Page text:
To relieve the poor of Tidcombe and Fosbury the parish appointed two overseers, each of whom relieved poverty throughout the parish. In 1775-6 the parish spent £142 on poor relief. In the late 1780s much more was spent on monthly doles than on making occasional payments for shoes, clothing, medical help, and funerals and in meeting other needs. The parish had a workhouse, in which there were usually three paupers in 1780; it stood at Fosbury and was probably closed in 1783. From Easter 1782 to Easter 1785 poor relief cost an average of £106 a year. In 1802-3 £160 was spent on relieving 15 adults and 14 children regularly and 10 people occasionally; by their labour the poor contributed £27 to their maintenance, and at 3s. the poor rate was about the average for the hundred. (fn. 87) In 1814-15 £344 was spent on relieving 5 adults regularly and 41 occasionally. (fn. 88) The cost of poor relief reached a peak of £441 in 1817-18; it had fallen to £146 by 1822-3, and between then and 1833-4 exceeded £300 only twice. (fn. 89) By 1848 Tidcombe parish had joined Hungerford (Berks.) poor-law union, which was formed in 1835. (fn. 90) Tidcombe and Fosbury parish became part of Kennet district in 1974. (fn. 91)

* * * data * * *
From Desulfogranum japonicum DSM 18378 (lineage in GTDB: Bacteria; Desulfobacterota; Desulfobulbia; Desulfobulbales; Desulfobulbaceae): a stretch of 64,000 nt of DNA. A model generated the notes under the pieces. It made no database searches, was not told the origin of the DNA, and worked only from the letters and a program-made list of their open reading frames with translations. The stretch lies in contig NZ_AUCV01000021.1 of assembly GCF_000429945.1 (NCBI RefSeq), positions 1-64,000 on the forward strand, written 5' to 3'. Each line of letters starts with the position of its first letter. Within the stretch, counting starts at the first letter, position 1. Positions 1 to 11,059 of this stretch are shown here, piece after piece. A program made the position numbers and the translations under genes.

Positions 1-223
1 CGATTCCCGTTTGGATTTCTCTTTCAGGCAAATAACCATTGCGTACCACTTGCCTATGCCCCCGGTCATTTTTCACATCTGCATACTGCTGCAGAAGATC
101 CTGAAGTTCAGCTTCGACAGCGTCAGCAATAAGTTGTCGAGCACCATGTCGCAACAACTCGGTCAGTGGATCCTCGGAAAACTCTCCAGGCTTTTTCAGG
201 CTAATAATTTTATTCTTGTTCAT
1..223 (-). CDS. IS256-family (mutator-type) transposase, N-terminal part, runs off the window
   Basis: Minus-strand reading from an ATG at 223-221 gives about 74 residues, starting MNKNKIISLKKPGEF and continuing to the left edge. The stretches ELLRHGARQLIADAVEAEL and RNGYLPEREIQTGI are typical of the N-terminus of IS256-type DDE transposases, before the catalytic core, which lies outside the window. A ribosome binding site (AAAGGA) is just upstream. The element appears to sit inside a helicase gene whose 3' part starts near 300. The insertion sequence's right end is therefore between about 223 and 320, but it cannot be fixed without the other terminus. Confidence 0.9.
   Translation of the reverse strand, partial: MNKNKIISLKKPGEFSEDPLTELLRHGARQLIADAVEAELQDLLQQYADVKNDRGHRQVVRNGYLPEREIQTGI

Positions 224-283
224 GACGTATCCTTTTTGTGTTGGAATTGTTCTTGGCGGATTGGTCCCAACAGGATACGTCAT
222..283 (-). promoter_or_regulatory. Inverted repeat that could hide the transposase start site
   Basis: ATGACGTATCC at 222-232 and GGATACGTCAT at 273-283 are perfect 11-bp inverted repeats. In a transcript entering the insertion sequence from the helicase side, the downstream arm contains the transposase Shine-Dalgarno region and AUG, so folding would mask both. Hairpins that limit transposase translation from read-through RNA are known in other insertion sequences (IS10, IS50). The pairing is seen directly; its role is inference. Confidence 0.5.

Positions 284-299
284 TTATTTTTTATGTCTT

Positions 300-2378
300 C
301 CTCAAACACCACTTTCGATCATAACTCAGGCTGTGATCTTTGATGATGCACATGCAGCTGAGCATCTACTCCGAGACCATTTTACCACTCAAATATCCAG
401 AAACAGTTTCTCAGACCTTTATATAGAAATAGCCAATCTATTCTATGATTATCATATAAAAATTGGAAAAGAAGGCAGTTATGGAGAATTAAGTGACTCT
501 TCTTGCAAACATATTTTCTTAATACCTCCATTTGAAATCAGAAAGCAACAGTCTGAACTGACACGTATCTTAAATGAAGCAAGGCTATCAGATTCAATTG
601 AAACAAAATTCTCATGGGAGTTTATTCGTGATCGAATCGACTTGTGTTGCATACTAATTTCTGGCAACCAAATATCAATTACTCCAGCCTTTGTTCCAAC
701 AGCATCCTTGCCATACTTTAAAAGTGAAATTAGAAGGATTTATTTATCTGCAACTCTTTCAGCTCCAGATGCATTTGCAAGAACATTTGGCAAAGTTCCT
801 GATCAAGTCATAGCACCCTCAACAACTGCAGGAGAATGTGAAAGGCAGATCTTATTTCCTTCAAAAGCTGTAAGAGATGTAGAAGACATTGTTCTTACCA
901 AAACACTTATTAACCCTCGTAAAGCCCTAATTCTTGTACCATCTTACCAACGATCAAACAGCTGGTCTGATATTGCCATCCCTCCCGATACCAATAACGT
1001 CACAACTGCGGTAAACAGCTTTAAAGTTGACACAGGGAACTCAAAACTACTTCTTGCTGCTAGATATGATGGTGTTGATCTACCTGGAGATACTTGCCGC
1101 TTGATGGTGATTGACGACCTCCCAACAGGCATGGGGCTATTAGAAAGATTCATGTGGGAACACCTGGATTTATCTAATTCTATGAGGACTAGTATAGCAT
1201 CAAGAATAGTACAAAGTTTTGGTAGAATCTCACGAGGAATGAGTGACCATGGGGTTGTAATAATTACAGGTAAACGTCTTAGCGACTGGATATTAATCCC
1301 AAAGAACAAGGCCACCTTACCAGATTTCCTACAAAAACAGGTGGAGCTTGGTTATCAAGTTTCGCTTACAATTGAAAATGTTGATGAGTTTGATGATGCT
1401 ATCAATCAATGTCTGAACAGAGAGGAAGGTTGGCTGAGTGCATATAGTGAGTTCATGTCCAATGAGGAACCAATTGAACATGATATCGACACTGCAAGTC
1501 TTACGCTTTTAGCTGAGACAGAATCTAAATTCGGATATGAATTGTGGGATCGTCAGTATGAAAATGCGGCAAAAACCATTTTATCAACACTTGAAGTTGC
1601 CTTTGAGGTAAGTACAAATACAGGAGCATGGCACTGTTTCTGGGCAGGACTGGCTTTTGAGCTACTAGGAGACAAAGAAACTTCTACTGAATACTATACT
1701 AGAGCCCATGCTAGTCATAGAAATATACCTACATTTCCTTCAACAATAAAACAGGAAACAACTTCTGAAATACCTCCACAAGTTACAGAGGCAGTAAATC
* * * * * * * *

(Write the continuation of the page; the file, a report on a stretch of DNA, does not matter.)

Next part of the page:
Tidcombe church was standing in the mid 13th century. (fn. 92) It was served by a rector until, between 1401 and 1403, it was appropriated by Easton priory. In the licence to appropriate, which was given in 1392, the bishop required the priory to appoint a resident stipendiary chaplain who was to be presented to him to receive cure of souls, (fn. 93) but by 1403 a vicarage had been ordained. (fn. 94) Vicars were presented until 1575. (fn. 95) From when the vicarage was vacated by the vicar instituted in 1575 the church was apparently served by stipendiary curates. (fn. 96) From 1789 it was served by a perpetual curate licensed by the bishop (fn. 97) and from 1868 called a vicar. (fn. 98) Tidcombe ecclesiastical parish was reduced in 1856, when Fosbury, where a church was consecrated in that year, was made a separate ecclesiastical district, (fn. 99) and increased in 1879, when Hippenscombe was added to it. (fn. 100) In 1926 the vicarages of Tidcombe and Fosbury were united, (fn. 101) and in 1962 the united benefice was united to East Grafton vicarage. (fn. 102) In 1979 that united benefice was united to others to form Wexcombe benefice, and the ecclesiastical parishes of Tidcombe and Fosbury were united. (fn. 103)